The US State Department’s biometric passport system is a bit of a failure.
The problem is not that a hacker can break into the passport, but it is still far too easy to force all the “evidence” required to create one in the first place.
Since 2006, U.S. passports have been issued with an embedded radio-frequency identification (RFID) tracking chip. The big idea was to reduce unauthorised entry into the country.
However a Senate Judiciary subcommittee heard evidence from the Government Accountability Office (GAO) which reported that despite the high-tech efforts, passport fraud is still too “easy.”
Gregory D. Kutz, GAO’s managing director for special investigations, told the Washington Times that while it is hard to counterfeit the passport, the best way to get a U.S. passport if you’re a fraudster is to create counterfeit breeder documents, steal someone’s identity and get your passport that way.
Investigators at GAO used the basic techniques of an identity thief to conduct an undercover sting operation. Apparently they wanted to find out whether the State Department’s passport examiners would catch on to the tricks not of highly skilled expert forgers, but of clumsy amateurs.
The GAO team used really cheap gear to fabricate some really dodgy looking bogus documents, including birth certificates.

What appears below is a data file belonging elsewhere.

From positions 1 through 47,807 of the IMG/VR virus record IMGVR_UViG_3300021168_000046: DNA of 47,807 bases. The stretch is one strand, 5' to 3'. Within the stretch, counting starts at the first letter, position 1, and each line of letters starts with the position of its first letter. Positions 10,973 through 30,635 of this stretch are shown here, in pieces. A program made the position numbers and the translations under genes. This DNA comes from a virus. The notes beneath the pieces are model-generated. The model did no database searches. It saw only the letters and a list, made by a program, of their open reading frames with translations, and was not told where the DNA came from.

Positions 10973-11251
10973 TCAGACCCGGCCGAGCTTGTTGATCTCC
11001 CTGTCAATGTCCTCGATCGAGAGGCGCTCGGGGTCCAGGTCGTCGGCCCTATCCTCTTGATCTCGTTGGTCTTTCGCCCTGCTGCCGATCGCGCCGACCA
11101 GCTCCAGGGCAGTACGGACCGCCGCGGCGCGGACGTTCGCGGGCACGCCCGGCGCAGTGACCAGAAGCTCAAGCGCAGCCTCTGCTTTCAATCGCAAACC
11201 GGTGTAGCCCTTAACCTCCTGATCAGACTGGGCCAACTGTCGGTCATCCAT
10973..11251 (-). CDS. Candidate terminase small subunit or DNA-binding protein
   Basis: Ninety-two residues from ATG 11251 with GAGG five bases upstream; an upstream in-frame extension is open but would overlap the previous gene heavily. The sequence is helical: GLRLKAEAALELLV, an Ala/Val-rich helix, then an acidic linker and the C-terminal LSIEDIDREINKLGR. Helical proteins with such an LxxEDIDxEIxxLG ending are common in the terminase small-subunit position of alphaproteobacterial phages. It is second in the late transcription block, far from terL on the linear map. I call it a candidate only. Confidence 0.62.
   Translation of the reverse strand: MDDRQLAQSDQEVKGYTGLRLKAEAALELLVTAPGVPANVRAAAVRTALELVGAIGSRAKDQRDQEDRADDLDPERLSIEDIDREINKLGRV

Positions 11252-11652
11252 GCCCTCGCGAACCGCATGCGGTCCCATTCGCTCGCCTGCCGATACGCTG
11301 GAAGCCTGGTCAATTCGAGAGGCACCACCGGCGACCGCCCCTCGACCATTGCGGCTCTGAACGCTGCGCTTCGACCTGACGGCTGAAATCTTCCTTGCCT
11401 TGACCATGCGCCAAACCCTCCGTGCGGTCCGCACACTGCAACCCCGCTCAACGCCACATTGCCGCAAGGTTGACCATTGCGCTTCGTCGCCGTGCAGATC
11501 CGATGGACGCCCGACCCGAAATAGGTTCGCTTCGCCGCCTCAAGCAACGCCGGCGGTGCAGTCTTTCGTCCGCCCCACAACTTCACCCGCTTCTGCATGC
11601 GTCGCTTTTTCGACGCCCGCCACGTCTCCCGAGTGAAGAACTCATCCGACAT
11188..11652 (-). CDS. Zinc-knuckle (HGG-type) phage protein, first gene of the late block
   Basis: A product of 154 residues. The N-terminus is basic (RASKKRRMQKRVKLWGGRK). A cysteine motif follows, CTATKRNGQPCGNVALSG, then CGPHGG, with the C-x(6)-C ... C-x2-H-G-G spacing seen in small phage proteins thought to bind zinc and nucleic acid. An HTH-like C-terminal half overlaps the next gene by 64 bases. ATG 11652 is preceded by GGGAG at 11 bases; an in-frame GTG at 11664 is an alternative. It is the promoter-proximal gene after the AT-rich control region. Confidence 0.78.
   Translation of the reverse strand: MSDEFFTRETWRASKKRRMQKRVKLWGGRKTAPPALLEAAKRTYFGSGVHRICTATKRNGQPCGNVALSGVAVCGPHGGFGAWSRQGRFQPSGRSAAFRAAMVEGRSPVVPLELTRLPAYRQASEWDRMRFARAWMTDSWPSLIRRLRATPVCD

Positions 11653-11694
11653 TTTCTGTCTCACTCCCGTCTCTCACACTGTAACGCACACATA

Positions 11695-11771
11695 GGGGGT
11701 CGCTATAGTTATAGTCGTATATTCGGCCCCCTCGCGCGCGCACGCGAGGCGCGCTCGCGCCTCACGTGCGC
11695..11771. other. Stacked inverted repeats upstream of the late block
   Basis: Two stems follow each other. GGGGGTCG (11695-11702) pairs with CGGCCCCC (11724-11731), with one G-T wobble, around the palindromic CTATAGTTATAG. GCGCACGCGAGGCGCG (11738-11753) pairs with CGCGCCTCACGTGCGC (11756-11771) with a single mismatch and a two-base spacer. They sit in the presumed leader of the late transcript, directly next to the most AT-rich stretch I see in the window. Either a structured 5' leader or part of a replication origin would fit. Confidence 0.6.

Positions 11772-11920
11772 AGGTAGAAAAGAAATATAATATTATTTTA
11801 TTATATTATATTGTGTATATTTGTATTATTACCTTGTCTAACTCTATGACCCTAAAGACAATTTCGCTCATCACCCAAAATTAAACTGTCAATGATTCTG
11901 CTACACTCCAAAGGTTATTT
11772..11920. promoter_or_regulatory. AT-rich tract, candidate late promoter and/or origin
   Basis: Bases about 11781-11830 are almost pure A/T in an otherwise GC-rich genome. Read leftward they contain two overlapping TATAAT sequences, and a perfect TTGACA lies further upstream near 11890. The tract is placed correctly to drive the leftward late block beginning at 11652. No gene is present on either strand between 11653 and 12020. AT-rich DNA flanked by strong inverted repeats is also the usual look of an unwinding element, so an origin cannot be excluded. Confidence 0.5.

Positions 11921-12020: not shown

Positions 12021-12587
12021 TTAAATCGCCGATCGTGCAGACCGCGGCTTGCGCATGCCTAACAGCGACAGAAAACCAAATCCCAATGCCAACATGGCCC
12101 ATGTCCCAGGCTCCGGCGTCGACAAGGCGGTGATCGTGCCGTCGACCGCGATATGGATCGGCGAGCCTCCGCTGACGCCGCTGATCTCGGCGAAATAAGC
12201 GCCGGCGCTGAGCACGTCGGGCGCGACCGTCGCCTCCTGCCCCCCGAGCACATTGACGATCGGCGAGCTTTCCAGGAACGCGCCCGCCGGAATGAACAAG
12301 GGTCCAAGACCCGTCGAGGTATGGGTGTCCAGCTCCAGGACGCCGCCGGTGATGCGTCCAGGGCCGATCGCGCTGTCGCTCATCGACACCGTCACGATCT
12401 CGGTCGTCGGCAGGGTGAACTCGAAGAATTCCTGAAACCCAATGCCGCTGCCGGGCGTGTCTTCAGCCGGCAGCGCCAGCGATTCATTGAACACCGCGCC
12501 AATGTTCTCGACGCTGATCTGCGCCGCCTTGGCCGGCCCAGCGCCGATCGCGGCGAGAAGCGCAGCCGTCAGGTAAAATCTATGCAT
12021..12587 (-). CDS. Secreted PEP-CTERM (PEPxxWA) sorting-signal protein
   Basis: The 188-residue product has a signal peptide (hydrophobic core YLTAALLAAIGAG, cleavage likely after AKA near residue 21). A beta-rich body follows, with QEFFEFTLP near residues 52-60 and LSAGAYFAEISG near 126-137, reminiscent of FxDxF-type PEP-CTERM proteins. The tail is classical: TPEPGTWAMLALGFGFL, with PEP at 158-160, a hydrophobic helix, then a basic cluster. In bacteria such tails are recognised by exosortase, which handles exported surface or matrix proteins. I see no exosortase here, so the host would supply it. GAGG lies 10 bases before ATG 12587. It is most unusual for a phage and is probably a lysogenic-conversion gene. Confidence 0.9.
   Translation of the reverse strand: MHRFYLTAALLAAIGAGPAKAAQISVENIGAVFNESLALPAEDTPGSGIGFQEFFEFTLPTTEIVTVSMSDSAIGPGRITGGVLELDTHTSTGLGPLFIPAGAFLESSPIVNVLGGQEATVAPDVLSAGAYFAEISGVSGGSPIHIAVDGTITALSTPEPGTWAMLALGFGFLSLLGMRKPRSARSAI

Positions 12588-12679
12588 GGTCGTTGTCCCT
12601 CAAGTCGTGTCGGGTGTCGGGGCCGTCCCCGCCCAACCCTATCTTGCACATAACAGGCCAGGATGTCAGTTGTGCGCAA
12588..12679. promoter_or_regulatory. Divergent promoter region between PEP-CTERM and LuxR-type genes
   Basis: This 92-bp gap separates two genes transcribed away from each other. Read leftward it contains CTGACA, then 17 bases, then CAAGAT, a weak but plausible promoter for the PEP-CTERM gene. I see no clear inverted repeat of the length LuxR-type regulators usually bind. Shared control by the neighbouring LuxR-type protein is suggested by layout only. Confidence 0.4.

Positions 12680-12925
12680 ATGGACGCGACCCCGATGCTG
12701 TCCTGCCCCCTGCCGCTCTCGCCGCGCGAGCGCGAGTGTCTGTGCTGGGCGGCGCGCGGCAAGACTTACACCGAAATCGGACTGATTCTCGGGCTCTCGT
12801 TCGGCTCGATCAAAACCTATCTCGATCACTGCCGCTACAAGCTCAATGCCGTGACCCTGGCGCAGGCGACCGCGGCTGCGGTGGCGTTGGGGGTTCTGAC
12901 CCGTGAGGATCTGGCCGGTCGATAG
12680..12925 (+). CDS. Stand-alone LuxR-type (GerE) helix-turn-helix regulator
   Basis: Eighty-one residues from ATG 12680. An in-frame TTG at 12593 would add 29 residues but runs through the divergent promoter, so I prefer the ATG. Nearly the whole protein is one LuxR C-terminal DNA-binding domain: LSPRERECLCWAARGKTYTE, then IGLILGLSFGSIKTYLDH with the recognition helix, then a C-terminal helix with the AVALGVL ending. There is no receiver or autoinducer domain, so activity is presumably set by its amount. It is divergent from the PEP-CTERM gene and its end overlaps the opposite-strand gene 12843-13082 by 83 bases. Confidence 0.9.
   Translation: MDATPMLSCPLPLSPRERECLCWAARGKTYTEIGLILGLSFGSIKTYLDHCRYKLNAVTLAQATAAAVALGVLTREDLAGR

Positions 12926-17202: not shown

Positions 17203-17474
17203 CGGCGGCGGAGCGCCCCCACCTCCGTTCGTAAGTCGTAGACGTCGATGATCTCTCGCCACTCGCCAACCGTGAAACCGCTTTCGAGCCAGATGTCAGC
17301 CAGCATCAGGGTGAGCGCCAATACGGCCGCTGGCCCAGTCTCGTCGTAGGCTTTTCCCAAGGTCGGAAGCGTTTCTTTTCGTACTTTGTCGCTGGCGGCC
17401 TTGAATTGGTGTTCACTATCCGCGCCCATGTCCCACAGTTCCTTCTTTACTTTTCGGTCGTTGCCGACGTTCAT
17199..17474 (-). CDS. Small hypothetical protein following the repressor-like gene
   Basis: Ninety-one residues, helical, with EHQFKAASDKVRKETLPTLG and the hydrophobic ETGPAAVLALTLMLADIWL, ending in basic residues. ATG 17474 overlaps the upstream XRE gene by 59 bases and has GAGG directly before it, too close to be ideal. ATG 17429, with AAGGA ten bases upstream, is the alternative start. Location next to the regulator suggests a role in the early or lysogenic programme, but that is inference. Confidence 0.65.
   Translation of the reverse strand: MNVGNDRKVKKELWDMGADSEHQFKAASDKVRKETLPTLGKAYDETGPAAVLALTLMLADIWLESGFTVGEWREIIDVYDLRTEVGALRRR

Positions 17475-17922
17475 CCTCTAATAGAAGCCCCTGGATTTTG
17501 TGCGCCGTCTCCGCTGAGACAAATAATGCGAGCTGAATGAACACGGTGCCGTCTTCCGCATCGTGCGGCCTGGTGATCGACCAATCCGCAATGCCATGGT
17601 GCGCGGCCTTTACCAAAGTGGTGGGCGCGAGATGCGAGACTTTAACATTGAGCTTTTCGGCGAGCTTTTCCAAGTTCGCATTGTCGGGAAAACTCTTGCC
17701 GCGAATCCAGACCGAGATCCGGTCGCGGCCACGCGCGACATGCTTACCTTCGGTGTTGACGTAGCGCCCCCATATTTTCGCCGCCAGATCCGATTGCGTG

They then filed several passport applications, each of which contained deliberate errors that should have been spotted readily had anyone been paying attention. Out of seven bogus applications, five genuine passports were issued.
GAO then told the State Department bureaucrats who reviewed all the applications and found three of the fakes.
GAO recommended that the State Department improve the training given to passport examiners and that it implements better data-validation techniques.
What is a little annoying is that the US insisted that other countries in its Empire use the same biometric system at a great expense. Its former overlord, the UK, bowed and introduced it. Now it is being seen as a case of technology creating more of a problem than it solved, the question is why the UK adopted it without engaging brains.